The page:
But then I learned about what negotiation experts refer to as 'anchoring'. Your first offer is the anchor point for all subsequent talks, actually. It establishes the starting point from which you and your counterpart will negotiate. When you see your first offer as truly a starting point, and a starting point from which ALL negotiation variables can either increase or decrease in value, you figure out that making a well-designed first offer is ultimately in your best interest.

Pros and Cons of Making the First Offer

On one hand, making the first offer can be an excellent negotiation tactic, allowing you to set the anchor point and control the starting narrative of the negotiation. On the other hand, if you haven't done your homework or properly structured your first offer, it can reveal your hand too early, and expose key weaknesses in your bargaining position.

It's important to evaluate your circumstances carefully before deciding to make the first move. Factors like the balance of power, the level of preparation, and the amount of information available can influence this decision. But never fear making the first offer simply because you have to "go first." Just make sure you've done your homework, know your BATNA, and be willing to walk away from the negotiation if you can't achieve your BATNA or better.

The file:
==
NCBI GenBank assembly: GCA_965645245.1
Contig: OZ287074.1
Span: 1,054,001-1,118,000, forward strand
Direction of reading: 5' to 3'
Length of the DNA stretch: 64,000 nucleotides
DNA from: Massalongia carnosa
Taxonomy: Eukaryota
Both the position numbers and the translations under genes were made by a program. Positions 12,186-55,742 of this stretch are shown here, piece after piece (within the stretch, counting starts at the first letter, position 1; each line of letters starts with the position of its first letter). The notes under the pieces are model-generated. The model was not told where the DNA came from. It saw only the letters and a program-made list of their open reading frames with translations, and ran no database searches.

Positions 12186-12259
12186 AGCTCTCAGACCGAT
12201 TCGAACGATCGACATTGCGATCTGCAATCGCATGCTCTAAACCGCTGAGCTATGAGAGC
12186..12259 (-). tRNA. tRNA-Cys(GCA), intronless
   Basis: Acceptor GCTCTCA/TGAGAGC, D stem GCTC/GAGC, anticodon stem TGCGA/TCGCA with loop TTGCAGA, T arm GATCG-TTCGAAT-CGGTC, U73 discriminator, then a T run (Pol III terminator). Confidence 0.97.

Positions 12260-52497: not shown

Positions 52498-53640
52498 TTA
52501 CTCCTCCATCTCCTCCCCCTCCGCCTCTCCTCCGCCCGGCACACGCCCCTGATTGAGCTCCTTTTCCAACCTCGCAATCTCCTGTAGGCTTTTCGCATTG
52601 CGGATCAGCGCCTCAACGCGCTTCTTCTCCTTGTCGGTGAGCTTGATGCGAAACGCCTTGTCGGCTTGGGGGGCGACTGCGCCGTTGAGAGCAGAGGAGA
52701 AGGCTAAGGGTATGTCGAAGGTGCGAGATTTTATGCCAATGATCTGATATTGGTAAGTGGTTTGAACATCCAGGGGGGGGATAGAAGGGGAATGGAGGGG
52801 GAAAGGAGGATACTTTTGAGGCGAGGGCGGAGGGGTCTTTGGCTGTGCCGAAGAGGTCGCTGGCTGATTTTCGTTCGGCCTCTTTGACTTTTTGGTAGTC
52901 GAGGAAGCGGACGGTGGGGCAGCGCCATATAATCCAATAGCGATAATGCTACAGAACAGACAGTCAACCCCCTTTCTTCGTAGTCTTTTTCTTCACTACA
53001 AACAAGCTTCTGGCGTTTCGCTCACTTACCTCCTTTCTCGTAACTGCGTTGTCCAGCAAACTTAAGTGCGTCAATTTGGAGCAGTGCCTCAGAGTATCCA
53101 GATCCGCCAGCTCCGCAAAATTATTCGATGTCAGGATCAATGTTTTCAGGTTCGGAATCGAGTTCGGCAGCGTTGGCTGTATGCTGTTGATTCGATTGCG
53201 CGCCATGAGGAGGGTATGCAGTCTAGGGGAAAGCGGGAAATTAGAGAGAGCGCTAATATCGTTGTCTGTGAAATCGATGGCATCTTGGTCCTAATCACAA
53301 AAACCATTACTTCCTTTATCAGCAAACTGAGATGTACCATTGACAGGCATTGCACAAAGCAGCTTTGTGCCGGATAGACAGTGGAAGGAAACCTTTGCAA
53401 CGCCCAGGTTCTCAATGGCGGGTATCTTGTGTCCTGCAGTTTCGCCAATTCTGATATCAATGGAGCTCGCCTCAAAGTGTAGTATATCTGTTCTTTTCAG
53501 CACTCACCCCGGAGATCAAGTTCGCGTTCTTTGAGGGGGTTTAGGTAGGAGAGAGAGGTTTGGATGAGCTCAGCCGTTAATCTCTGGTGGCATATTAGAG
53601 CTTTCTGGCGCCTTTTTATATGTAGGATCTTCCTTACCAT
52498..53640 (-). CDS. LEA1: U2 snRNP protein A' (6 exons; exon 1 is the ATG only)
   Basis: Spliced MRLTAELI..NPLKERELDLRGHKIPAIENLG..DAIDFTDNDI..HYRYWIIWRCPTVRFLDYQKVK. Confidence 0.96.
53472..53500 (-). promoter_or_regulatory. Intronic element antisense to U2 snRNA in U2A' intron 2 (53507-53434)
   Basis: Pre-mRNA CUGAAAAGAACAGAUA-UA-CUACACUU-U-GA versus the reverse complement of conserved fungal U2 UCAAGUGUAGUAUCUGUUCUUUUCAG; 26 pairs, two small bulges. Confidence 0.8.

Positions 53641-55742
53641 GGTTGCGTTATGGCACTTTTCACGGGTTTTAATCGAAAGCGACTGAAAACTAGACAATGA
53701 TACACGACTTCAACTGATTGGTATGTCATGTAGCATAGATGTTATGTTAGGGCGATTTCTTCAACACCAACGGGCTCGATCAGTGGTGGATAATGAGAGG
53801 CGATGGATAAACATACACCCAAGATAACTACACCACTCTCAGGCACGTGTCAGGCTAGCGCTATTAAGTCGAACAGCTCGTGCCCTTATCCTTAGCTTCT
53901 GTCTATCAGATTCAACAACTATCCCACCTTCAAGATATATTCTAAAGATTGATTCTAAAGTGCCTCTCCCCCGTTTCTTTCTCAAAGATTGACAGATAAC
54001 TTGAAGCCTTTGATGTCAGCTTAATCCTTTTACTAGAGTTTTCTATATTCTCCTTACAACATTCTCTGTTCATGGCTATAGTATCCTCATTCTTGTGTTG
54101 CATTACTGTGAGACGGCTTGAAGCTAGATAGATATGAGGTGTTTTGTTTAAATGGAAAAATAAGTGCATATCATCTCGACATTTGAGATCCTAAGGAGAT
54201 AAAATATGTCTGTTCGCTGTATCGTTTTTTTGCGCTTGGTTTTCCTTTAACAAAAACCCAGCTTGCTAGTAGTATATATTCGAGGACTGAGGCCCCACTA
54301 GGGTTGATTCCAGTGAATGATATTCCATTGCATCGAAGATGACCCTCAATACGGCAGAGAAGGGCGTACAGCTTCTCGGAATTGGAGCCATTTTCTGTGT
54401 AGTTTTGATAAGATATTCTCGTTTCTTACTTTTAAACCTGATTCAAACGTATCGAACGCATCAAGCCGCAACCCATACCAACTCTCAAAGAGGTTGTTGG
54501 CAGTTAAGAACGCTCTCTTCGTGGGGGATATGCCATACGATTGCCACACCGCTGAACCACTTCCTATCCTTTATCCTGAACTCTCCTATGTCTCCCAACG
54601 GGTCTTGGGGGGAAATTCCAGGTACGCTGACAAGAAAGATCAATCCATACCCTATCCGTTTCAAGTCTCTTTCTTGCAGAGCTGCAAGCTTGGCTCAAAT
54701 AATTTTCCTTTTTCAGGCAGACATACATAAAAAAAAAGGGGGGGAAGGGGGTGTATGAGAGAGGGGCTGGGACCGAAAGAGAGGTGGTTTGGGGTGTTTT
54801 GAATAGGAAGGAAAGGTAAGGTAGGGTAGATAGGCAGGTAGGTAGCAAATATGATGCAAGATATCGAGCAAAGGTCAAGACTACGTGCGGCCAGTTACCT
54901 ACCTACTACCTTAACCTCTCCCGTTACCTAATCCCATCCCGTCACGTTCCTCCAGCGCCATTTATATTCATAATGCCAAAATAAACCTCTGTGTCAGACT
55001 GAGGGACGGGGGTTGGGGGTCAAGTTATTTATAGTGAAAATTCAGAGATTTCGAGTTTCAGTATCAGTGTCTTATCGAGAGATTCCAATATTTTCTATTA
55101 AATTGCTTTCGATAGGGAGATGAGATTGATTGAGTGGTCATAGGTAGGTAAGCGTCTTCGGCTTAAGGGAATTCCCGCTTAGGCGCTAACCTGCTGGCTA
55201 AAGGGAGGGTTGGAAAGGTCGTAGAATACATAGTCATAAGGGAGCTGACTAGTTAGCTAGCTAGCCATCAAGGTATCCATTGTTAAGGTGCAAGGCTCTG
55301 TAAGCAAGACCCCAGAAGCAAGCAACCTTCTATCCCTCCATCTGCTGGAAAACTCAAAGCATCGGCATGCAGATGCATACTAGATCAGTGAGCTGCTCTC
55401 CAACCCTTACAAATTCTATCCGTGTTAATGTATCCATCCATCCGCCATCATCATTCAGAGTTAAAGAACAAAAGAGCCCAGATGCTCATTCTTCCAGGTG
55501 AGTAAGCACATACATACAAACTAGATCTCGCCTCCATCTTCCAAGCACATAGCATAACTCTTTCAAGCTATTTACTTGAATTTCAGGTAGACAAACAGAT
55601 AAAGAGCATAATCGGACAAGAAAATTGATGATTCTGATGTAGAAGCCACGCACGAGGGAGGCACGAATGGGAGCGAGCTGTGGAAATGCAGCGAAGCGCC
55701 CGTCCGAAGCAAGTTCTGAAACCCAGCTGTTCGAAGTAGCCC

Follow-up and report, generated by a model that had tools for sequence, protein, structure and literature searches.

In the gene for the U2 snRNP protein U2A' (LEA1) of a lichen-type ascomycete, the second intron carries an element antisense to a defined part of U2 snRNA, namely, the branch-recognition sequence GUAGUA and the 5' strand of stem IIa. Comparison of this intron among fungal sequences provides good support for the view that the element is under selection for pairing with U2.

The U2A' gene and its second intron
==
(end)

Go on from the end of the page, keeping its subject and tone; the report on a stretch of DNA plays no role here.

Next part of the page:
Negotiation Tactics: Dancing the Bargaining Dance 

Unraveling the Dance

Once the first offer is on the table, the bargaining dance begins. This stage of negotiation is where the give-and-take happens, where compromises are made, and where the actual shape of the agreement starts to form. If you haven't read my previous post, Contract Negotiation Strategies: The Science of Getting What You Deserve, take a second and check it out, specifically the section on applying negotiation frameworks

The process can be a delicate balancing act, akin to a carefully choreographed dance. It's a constant interplay of push and pull, advance and retreat, concession and counteroffer. Use the negotiation frameworks to help you plan your steps and determine when to lead and when to follow. 

Making Concessions